Today will be a hard and demanding day, on various fronts. I will warm up the fingers.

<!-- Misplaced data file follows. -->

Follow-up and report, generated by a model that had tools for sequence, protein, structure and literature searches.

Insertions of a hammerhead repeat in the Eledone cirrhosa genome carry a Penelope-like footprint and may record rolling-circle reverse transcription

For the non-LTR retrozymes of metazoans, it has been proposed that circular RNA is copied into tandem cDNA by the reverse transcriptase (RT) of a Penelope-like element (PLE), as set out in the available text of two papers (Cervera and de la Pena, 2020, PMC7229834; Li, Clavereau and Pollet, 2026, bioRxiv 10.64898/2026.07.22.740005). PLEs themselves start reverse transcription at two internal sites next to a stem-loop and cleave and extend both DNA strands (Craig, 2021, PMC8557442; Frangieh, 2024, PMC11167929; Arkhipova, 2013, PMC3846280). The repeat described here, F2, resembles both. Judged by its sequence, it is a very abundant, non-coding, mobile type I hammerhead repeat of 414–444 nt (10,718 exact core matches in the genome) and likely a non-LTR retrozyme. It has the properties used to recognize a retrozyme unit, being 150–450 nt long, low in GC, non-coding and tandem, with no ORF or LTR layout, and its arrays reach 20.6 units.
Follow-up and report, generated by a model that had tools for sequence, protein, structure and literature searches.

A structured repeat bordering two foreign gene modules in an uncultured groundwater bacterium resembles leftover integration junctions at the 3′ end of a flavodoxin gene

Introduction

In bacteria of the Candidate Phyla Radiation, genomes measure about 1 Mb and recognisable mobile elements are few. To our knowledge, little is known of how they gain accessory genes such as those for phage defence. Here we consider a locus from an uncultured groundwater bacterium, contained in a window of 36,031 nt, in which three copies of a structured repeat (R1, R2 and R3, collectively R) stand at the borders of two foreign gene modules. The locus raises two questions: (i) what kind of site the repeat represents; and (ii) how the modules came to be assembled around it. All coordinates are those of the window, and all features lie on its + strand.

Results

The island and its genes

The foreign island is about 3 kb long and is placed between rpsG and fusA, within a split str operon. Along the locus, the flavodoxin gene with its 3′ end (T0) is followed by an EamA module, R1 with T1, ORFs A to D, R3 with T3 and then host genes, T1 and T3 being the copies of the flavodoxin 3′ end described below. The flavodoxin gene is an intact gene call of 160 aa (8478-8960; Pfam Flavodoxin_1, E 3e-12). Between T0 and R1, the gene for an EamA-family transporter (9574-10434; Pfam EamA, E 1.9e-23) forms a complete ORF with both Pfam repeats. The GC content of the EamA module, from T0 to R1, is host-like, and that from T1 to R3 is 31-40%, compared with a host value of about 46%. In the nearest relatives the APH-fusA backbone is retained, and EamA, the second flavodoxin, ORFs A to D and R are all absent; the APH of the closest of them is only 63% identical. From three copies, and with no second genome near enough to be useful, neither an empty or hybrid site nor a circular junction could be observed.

Someone phoned me asking for advice about their dad. I don't have any friends, but people will reach out to me when they don't know what to do with something in their life that is harder than other things have been in their life. This individual's mother died during the summer, and doctors told him recently that his father could be dead in months if he keeps going like he's going, because he's lost the will to live. One of this man's kids was hit especially hard by the death of her grandmother. She's been struggling with that, as far as I understand. The man's father has people come to his house each day to make sure he takes his medicine, that kind of thing. Hired medical help. Because he won't do it on his own. I told this person to see if they could get their father to come and stay with them. Not for good--not to pitch it like that. But for a vacation, or to get away, and to say whatever he needed to say to make this happen. That the kids were really having a hard time since mom died, and they want their grandfather with them. Or that he's having a hard time personally, and it's taken a toll on his marriage, and he and his wife are struggling, and could really use the help. Whatever he needed to say, even if it wasn't true. I said that feeling useful, even in small ways, and being around children, can help immeasurably. They could have a routine, where this person who contacted me could have the morning coffee with his father, watch him as he took his medicines, all of that. I reminded him that winter is harder for most people anyway, even if they're staying primarily inside. And hardly anyone is strong enough to be alone for any amount of time, never mind after having lost someone they'd been with for decades. This actually happens a lot--people desperate for some kind of solution will turn to me, rather than, say their spouse, their family. And I am entirely alone myself. It seems that the more I grow, the further removed I become from everyone, the less possible it is for any kind of symbiotic relationship, the more removed I am from the world; while, ironically, creating art that is all about this world and what it means to be a part of it, with a knowledge of that part-ness, if you will, a wisdom, a humanness, unlike any I think there has been in art.